Only a night after the Jones incident, a white Red Sox fan in the stands at Fenway summoned team security when a nearby fan, also white, reportedly directed a variant of the N-word toward a Kenyan woman who had sung the National Anthem.

The Red Sox identified the man, ejected him and banned him for life from Fenway.

“I’m here to send a message, loud and clear, that the behavior, the language, the treatment of others that you’ve heard about and read about is not acceptable,” said Red Sox president Sam Kennedy.

I’ve been a Red Sox fan since I first caught the bug in the early 1960s, witnessing my grandfather with a transistor radio fixed to his ear and listening to Curt Gowdy call the games. But it took me a while to become fully aware of the team’s checkered racial history. In 1959, the Red Sox were the last of the original franchises to integrate, 12 years after Jackie Robinson broke into the majors, although they held what some called a sham tryout in 1945 for three Negro League stars, including Robinson. In 1949, the Red Sox declined the opportunity to sign a guy named Willie Mays.

In 1986, former Red Sox outfielder Tommy Harper, then a Red Sox coach, sued the team after getting fired for criticizing the Yawkey family ownership for adopting a whites-only Elks Club in the team’s former spring training venue of Winter Haven, Florida, as its unofficial watering hole. Harper, an African-American, alleged that as far back as 1967, the team was distributing passes to the segregated social club to only white players. The suit was settled out of court, and the Yawkey Family Trust sold the team in 2002. Two years later, under new ownership, the Sox won their first World Series championship in 86 years.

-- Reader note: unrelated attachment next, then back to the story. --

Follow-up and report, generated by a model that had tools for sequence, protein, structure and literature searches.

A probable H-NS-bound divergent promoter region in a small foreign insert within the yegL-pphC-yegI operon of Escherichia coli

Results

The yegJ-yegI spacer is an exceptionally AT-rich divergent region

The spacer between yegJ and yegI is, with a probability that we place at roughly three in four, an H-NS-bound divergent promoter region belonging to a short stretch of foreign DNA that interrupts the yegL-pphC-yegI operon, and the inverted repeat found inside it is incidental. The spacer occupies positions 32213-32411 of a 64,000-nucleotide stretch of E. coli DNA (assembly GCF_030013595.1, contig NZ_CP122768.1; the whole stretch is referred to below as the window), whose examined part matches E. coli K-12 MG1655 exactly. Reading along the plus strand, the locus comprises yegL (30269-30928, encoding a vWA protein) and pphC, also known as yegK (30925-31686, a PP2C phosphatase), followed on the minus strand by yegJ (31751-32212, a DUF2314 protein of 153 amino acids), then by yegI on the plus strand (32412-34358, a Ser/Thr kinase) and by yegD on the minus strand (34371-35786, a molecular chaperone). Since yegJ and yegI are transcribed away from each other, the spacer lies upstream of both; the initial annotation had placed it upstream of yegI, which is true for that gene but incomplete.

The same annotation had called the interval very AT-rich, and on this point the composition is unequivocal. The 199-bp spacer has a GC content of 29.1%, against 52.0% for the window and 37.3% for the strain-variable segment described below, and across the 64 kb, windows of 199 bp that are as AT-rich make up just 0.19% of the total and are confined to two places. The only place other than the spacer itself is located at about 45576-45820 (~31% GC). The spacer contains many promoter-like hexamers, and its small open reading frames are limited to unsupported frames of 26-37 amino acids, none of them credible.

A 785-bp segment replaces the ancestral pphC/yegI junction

Beyond Red Sox history, it’s fair to say Boston has had a turbulent racial past. On my first day as a summer intern at the hometown public radio station in the mid-1970s, I was given audiotape to edit of the hearings on racial unrest in the city that followed a judge’s mandate to bus students in order to achieve racial balance in schools. It was a tense time.

Forty-odd years later, racism has hardly been extinguished in Boston, or any other corner of the country. We don’t live in postracial America. Far from it. As Renee Graham, an African-American columnist for The Boston Globe wrote about the Jones incident, “It speaks to the layers-deep racism that has become as much a part of the city’s national image as clam chowder and winning sports teams. What happened to Jones does not surprise people of color, but it breaks our hearts.”

Your mind immediately goes back to the taunts and indignities Robinson suffered as the first black player to integrate the major leagues. Seventy years later, why must we still endure this?

It’s a question that Adam Jones, for one, must be asking. As he said before Tuesday night’s game, “Walk in my shoes, you’ll understand.”

Richard L. Harris spent 19 years as Senior Producer of NIGHTLINE with Ted Koppel. Harris also served on NPR's diversity committee as Director of Afternoon Programming.